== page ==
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Montana Ed board upholds librarian, counselor ratios

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Existing staffing ratios for librarians, counselors and administrative positions will stay the same following an enormous outpouring of public comment to the Montana Board of Public Education.

Superintendent of Public Instruction Elsie Arntzen recommended eliminating state-mandated ratios for those positions in an effort to emphasize local control with accreditation standards, which raised concerns among many education stakeholders.

More than 1,200 public comments were submitted urging the board to retain the current ratios for counselors. Another 1,000 wrote in support of staffing ratios for school librarians, and about 200 public comments were sent in concerning principals and superintendents.

“We have guardrails in place to guide schools,” said board member Anne Keith. “I think ratios are guardrails that I’m not willing to give up since there is a variance to standards process that you can follow to show that your local control can go above and beyond these minimums.”

Throughout the public comment process, many experts and community members voiced concerns that eliminating staffing ratios altogether would allow school boards to cut those positions when their budgets get tight.

Deputy Superintendent Sharyl Allen disagreed that school boards would “immediately start cutting people” and argued that ratios only hurt smaller, more rural schools.

Board member Tammy Lacey offered a different perspective.

About six years ago when Lacey was working as a superintendent at Great Falls Public Schools, the district needed to cut $1.8 million from its budget. As a result, prevention specialists, student support advocates, intervention teachers, and multiple programs for arts, medical careers and environmental education all received the ax.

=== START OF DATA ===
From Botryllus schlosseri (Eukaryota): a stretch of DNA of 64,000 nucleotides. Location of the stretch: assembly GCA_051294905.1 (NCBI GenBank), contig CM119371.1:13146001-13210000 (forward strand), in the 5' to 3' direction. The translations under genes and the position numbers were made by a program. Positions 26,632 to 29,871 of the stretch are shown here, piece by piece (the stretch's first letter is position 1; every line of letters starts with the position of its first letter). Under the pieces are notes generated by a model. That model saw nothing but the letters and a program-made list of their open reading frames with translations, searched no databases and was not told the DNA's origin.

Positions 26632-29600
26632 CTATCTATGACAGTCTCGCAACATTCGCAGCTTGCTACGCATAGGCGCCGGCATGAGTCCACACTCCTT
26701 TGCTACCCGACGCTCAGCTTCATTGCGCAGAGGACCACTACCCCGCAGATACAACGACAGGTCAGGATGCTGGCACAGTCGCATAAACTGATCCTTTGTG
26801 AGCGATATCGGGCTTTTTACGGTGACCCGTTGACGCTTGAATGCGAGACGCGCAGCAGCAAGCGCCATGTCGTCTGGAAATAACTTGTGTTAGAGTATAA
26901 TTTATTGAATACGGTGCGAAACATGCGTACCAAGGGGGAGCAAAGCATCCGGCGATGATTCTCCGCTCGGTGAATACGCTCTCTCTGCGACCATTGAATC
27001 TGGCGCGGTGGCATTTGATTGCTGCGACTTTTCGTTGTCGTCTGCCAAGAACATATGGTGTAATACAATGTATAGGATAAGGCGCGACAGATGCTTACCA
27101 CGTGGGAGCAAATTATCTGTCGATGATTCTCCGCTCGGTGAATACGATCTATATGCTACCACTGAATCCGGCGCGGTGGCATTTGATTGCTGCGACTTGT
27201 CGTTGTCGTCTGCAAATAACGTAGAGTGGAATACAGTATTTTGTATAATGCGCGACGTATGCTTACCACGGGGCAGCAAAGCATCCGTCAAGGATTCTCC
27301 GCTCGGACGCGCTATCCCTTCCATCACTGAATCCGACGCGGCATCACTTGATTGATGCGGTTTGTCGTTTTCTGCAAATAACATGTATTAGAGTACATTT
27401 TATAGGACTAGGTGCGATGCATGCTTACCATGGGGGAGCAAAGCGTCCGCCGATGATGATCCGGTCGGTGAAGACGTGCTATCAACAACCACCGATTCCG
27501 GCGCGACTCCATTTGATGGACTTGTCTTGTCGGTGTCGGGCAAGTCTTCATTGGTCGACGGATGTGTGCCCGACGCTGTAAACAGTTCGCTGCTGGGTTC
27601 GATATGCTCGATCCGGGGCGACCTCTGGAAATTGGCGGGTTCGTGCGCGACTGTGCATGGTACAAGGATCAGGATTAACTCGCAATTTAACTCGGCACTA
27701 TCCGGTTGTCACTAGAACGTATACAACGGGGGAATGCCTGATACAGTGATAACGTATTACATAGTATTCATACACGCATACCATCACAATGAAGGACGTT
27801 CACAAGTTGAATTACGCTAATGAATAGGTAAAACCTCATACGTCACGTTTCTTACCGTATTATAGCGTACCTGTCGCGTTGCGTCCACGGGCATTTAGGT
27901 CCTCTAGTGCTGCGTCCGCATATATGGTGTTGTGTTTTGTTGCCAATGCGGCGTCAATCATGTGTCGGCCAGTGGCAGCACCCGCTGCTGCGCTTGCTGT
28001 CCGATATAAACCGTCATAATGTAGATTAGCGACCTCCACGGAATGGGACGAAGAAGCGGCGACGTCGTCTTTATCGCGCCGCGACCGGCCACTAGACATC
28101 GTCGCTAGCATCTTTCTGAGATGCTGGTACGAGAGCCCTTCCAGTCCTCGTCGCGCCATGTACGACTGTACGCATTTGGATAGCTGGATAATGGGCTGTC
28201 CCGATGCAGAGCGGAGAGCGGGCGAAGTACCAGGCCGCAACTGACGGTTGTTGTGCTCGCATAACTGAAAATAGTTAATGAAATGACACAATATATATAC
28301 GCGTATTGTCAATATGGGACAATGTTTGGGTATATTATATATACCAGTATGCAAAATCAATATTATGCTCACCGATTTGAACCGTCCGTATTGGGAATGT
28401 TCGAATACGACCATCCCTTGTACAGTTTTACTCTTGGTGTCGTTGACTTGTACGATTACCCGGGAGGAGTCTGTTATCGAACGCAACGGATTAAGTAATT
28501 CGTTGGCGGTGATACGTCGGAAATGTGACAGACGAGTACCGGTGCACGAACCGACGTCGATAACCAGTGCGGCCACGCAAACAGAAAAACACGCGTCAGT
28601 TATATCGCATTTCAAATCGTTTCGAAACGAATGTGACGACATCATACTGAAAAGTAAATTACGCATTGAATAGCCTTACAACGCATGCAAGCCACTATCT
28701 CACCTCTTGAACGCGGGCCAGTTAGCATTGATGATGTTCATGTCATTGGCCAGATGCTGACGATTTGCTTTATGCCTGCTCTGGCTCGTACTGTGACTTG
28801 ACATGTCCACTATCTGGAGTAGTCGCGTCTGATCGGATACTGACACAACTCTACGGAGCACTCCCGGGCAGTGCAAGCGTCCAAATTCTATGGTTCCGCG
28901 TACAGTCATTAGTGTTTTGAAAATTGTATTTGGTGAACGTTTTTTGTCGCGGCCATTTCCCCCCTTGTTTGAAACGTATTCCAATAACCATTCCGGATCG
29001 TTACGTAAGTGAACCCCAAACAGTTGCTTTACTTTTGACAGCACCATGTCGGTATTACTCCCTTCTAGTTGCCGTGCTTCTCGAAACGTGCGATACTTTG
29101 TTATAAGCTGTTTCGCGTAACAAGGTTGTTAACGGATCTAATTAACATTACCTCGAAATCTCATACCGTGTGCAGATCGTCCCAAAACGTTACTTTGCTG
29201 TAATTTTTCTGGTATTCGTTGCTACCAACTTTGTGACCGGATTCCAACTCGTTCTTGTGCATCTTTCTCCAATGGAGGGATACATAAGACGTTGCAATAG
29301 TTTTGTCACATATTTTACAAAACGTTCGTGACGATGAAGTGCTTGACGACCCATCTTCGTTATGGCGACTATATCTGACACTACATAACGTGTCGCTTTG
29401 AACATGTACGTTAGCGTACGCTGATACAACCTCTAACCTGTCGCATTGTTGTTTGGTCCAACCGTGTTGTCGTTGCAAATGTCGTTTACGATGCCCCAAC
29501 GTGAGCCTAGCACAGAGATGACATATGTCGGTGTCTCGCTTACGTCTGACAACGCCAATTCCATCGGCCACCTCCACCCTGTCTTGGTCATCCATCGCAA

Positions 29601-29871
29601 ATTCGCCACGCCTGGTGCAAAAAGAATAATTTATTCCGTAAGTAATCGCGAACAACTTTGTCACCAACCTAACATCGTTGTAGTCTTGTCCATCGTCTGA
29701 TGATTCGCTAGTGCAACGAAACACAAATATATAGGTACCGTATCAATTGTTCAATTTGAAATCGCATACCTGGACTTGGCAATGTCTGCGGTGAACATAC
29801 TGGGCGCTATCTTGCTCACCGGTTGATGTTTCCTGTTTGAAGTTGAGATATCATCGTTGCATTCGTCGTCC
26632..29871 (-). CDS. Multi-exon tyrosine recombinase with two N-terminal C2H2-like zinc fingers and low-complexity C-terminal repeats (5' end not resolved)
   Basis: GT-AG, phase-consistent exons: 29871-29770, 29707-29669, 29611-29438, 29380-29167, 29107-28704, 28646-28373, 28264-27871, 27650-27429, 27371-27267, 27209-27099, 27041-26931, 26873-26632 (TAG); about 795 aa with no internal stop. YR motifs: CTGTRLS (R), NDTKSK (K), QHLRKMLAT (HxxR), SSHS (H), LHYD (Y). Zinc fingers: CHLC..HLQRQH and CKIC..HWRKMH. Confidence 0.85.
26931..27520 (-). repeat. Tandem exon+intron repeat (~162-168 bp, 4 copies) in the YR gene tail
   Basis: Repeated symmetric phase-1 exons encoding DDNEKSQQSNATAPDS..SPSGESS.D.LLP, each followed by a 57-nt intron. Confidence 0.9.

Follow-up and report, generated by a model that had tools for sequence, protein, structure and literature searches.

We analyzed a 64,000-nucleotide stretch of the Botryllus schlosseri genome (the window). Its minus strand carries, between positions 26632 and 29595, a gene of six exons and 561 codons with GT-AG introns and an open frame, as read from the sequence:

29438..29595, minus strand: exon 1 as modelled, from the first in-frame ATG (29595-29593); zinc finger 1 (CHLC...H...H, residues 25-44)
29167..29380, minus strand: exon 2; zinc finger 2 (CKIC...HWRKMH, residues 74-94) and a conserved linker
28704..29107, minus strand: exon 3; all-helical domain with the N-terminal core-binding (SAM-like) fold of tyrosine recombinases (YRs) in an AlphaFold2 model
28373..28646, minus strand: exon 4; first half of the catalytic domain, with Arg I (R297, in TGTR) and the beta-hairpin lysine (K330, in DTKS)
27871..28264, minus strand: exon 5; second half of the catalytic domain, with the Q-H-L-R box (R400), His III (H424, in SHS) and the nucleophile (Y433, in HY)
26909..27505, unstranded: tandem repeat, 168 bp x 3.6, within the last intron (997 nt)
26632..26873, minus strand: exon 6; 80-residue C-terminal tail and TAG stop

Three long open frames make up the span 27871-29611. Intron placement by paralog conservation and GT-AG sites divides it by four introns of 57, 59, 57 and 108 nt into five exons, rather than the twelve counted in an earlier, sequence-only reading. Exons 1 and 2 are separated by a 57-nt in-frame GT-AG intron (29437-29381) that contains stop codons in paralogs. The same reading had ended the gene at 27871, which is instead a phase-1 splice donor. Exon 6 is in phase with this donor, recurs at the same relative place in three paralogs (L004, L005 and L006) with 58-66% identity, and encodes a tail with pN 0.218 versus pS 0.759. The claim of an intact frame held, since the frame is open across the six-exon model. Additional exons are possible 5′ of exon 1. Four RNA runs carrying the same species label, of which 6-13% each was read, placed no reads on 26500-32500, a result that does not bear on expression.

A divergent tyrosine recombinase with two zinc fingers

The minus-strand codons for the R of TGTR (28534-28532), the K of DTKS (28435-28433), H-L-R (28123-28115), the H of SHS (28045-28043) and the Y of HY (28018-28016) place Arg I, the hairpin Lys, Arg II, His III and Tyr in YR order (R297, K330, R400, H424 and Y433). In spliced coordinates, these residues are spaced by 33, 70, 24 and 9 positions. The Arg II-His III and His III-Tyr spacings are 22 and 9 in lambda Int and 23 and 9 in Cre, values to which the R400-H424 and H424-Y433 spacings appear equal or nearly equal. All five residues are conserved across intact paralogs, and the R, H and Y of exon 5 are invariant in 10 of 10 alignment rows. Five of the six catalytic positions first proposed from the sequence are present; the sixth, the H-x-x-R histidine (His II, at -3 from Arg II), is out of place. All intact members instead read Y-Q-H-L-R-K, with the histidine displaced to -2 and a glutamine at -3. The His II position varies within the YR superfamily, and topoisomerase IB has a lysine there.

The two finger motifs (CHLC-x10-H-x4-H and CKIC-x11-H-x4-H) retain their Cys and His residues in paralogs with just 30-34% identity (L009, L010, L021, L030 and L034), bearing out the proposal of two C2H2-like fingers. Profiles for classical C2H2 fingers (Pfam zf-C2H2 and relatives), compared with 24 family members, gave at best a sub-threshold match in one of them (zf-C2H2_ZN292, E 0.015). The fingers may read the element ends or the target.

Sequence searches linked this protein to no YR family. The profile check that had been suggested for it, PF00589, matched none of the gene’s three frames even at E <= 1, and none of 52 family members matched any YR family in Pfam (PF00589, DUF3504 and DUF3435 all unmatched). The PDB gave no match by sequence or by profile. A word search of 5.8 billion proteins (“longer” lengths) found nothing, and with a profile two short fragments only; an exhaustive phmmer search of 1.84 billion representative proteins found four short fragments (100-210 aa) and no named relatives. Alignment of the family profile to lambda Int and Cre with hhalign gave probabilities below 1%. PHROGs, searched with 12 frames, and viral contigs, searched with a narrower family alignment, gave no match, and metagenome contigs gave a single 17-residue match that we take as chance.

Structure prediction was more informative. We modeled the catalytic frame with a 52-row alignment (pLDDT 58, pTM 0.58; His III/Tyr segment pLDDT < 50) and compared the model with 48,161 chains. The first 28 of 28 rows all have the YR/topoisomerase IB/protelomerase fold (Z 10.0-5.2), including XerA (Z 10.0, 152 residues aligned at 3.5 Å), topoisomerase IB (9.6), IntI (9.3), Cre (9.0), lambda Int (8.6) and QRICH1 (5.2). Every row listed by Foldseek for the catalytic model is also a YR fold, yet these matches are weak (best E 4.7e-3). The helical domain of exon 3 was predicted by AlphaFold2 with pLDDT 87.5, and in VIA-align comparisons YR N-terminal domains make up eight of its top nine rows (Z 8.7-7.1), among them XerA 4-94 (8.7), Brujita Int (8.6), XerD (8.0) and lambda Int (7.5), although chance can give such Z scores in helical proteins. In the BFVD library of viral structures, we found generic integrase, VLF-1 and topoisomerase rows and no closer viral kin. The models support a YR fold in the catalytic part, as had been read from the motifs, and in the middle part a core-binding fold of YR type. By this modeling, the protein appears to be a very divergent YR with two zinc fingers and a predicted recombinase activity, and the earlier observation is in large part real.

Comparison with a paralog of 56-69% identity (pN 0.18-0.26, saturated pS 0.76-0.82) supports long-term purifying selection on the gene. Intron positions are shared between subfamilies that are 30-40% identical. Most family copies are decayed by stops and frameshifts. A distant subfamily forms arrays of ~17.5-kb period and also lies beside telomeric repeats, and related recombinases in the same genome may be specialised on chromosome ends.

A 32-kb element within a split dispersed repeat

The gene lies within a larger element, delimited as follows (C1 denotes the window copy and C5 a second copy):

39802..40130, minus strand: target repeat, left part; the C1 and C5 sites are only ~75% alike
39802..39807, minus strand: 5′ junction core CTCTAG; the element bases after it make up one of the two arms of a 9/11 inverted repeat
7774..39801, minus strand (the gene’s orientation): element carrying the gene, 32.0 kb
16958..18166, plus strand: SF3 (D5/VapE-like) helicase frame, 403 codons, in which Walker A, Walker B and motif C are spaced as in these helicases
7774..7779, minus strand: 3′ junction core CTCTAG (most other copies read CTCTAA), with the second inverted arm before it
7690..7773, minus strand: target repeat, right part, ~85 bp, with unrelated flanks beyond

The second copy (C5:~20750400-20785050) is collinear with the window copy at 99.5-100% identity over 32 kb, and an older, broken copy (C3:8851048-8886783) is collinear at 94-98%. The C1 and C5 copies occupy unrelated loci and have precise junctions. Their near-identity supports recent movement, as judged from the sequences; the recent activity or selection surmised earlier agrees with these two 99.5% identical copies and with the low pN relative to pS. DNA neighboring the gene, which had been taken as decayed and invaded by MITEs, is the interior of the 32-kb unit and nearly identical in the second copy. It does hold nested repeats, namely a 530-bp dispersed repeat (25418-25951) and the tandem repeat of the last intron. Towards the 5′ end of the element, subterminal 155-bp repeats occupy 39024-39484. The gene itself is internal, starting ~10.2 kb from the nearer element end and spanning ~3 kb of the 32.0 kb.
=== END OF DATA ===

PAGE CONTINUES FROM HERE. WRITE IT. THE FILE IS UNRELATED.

“It was not fun, and it was hard work figuring out what to cut,” Lacey said.

She continued that if Arntzen’s recommendations were to make it through, superintendents would have been added to that list of possible cuts. Additionally, librarians, counselors and principals would be vulnerable without staffing ratios.

“And that’s how it’s going to happen because we don’t have enough resources and you cut and remove what you don’t have to have,” she continued.

Despite support from many board members, not all are convinced mandated staffing ratios are the right approach for the board when it comes to their responsibility to set minimum standards for Montana’s schools.

Board member Jane Lee Hamman said that these discussions have been some of the most frustrating in her tenure on the board and maintained her position in favor of more flexibility for schools while also providing guidelines.

“I’m very frustrated that I think the small rural schools are being beaten down by so many rules and certain requirements that we need to have a higher level look at what we’re doing,” said Hamman.

The board did not have enough time to respond to all the submitted comments and still have about 19 sections to go through, including accreditation rules related to professional development, graduation requirements and distance learning. The remaining comments will be addressed at a meeting in January.

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